Vernon Turner’s “Letter to my Younger Self” published in The Players Tribune, is beyond moving and so worth the read. This man’s story is incredible.
He experienced some of the most difficult experiences that people can endure in life. Despite multiple obstacles, weighty responsibilities and the same self-doubt everyone experiences…he achieved what he intended. He made a conscious decision to succeed at a football career, he got to work, and he did it. He lived through several events that carried the possibility of being the breaking point but he didn’t give up.
The reason I love stories like this so much, is that they are proof that our thoughts are what drive our existence. Our mental capabilities have the infinite ability to drive our physical accomplishments. If we can think it, we can do it. What an amazingly freeing concept, to know that we are not limited by genetic predispositions, economical circumstances, social condition, or any other predetermined factor to which we are born.
EVERYONE experiences the voice in their head, the people in their lives, or the events that persuade us to give in, to let go of the dream, to go back to what is comfortable. Adversity, struggle, rejection, failure and doubt have the potential to break a person. But only if allowed to do so.
Merriam-Webster defines relentless as: showing or promising no abatement of severity, intensity, strength or pace.
The decision to hold on, to keep going, to choose not to give up…this is one of the most difficult decisions to make. Defeat is one of the worst feelings in life, especially when we’ve invested time, energy, blood, sweat and tears into something. Gathering up the energy and willpower to start again, is probably one of the greatest displays of human strength.
Our emotions don’t always align with the actions we want or need to take. We may feel tired, crushed, weak, not enough of something to pursue the goal again. But if we can disconnect from our emotions for a moment, allow our mind to will our body to take action, and then change our thoughts to ones that align with success, we can get up and get back to work.
What is the worst part about starting over? The actual start. Initiating action following an unsuccessful attempt is an extremely negatively anticipated notion laced in fear. Anxiety can powerfully overshadow truth with doubt, negativity and unfounded pain. What if I work hard, I get uncomfortable and I fail again? What if the process is bad, distressing, and exhausting?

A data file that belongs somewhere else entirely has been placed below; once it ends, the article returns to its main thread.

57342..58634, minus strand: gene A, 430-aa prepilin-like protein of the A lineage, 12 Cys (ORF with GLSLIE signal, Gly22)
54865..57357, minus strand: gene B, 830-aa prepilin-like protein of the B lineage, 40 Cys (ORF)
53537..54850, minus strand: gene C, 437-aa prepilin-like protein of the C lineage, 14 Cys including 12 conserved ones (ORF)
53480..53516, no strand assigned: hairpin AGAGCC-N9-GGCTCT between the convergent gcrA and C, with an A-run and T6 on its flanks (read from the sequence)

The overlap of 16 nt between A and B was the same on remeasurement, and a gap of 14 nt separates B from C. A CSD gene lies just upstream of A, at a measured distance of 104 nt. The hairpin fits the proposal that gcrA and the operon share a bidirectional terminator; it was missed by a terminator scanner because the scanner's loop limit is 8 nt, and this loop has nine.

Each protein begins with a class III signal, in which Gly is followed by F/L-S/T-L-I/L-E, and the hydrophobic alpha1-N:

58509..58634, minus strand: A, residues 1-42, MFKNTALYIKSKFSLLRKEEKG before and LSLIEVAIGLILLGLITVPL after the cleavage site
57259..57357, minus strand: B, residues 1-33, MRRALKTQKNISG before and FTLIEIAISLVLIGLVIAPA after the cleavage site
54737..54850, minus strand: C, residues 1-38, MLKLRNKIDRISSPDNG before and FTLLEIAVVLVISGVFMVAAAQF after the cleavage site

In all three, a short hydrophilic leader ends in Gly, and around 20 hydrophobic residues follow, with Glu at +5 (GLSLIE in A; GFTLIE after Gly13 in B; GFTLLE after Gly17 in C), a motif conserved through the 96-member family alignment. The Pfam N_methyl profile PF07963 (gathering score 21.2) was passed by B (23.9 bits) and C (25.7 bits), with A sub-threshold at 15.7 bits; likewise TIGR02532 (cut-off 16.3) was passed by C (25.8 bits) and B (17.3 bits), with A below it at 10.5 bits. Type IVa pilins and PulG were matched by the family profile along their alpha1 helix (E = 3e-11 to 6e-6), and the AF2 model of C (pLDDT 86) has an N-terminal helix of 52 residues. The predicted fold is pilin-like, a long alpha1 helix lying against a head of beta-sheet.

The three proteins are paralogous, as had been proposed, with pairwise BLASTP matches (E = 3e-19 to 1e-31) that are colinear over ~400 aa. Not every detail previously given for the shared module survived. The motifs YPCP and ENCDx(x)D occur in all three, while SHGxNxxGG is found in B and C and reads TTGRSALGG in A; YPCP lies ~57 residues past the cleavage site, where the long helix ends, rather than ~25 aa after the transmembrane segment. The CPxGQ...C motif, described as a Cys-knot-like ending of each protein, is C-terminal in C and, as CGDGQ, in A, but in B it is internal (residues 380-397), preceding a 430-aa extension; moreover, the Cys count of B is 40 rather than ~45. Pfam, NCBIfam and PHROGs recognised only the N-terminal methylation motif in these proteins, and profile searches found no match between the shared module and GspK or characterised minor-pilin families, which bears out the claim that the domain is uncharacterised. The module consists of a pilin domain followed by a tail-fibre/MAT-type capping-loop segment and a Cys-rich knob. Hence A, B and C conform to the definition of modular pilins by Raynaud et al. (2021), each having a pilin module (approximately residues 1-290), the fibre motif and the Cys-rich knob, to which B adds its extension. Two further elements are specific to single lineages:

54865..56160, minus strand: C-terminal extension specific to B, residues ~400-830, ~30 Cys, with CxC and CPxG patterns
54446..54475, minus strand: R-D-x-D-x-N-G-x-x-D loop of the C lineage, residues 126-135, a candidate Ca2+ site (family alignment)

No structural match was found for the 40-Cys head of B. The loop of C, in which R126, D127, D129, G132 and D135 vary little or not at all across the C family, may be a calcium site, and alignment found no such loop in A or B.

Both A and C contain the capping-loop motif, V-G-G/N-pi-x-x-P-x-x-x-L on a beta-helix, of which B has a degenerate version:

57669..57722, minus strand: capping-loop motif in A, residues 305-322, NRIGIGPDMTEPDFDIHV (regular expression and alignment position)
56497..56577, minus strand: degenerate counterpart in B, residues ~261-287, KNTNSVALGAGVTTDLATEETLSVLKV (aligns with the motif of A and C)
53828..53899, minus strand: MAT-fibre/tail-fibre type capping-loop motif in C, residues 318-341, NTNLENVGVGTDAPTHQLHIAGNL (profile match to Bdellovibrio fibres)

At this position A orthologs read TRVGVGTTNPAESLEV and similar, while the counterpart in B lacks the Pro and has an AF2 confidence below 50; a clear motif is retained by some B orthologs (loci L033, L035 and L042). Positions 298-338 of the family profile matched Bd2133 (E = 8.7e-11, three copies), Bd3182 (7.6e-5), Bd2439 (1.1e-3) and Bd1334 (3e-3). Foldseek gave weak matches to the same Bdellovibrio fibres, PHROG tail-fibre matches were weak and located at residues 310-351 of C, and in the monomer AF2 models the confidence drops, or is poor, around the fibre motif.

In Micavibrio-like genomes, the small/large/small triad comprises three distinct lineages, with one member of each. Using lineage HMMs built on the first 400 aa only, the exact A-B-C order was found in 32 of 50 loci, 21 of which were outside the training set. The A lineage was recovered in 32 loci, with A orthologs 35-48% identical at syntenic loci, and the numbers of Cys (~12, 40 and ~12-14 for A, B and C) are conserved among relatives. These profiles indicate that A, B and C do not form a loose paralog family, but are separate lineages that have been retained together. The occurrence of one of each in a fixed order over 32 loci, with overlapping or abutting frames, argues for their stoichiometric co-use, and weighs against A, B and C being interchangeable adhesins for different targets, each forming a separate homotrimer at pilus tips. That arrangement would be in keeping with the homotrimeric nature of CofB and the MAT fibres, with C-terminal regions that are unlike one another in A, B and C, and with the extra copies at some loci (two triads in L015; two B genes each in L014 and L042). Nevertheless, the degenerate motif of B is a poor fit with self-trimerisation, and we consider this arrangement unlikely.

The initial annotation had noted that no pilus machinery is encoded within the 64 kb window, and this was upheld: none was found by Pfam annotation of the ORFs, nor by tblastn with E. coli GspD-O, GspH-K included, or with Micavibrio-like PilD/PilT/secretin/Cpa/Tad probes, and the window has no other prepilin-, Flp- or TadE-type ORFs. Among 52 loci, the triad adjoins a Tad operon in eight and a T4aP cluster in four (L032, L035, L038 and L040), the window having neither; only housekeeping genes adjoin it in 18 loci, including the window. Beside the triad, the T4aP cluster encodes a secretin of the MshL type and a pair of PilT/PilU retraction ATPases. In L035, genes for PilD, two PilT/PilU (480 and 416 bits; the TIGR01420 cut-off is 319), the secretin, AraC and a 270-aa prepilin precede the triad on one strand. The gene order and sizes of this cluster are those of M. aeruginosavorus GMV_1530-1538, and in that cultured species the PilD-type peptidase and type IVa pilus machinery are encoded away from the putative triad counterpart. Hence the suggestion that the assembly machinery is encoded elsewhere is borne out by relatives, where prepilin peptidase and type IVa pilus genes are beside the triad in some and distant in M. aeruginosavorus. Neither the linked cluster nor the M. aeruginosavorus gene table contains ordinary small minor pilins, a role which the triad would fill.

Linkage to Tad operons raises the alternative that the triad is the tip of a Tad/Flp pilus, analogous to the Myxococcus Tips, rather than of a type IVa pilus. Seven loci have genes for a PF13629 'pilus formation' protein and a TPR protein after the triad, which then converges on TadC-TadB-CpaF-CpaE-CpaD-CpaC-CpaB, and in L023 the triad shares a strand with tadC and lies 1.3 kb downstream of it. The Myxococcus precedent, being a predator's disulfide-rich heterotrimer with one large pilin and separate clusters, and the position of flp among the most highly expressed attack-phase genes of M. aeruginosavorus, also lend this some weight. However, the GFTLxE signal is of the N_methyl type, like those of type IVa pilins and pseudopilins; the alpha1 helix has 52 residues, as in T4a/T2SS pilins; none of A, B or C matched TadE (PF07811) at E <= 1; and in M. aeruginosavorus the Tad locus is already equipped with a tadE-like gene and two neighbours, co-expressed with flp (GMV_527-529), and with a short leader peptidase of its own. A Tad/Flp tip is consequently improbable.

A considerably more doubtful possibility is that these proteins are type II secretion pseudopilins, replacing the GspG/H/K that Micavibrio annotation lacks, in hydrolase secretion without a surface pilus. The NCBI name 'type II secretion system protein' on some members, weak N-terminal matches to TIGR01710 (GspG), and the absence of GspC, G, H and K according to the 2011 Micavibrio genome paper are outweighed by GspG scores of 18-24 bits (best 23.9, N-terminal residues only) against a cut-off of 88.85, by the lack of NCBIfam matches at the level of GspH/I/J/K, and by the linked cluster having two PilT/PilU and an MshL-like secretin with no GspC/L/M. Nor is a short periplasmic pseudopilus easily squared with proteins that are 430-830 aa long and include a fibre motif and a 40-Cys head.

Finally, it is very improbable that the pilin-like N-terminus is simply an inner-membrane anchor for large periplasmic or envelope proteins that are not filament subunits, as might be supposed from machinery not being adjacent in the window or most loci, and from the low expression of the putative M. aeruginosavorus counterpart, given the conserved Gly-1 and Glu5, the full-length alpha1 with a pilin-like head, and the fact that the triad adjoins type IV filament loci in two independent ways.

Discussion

The TRUTH is, more often than not we are far more capable than we can conceive and it’s never as awful as we envision. The foreboding we subject ourselves to prior to making the decision to cross that line in the sand and start again is ALWAYS the worst part.
Everything is a mental game. Every opportunity, every challenge, every accomplishment. Life can be complicated. Tragic even. The bottom line is that we have to decide if we will be relentless in our pursuit for success or if we will let the setbacks defeat us.
When I need to start over, I think of these words. Stop thinking about it and get to work. When I think too much about beginning again, I overthink, I waste time and I create grandiose stories about how awful it’s going to feel. If I stop thinking, my emotions are dulled, my mind clearly tells my body what to do and the actions follow.
Starting over is an arduous task. Whether it be in a workout when I’m not hitting my goals, at work when I’m learning and haven’t yet become proficient in a skill, or after a day that didn’t go as well as I had hoped.
“Starting over” has been the most difficult experience of my life. But it’s also what has made me as tough as I am today. Getting back up and trying again, over and over and over again has strengthened my resolve to be relentless in pursuit of my goals.
It’s my firm belief that commitment to even one goal with the determination to deny resignation, exponentially increases fortitude and beautifully evanesces limitations into thin air.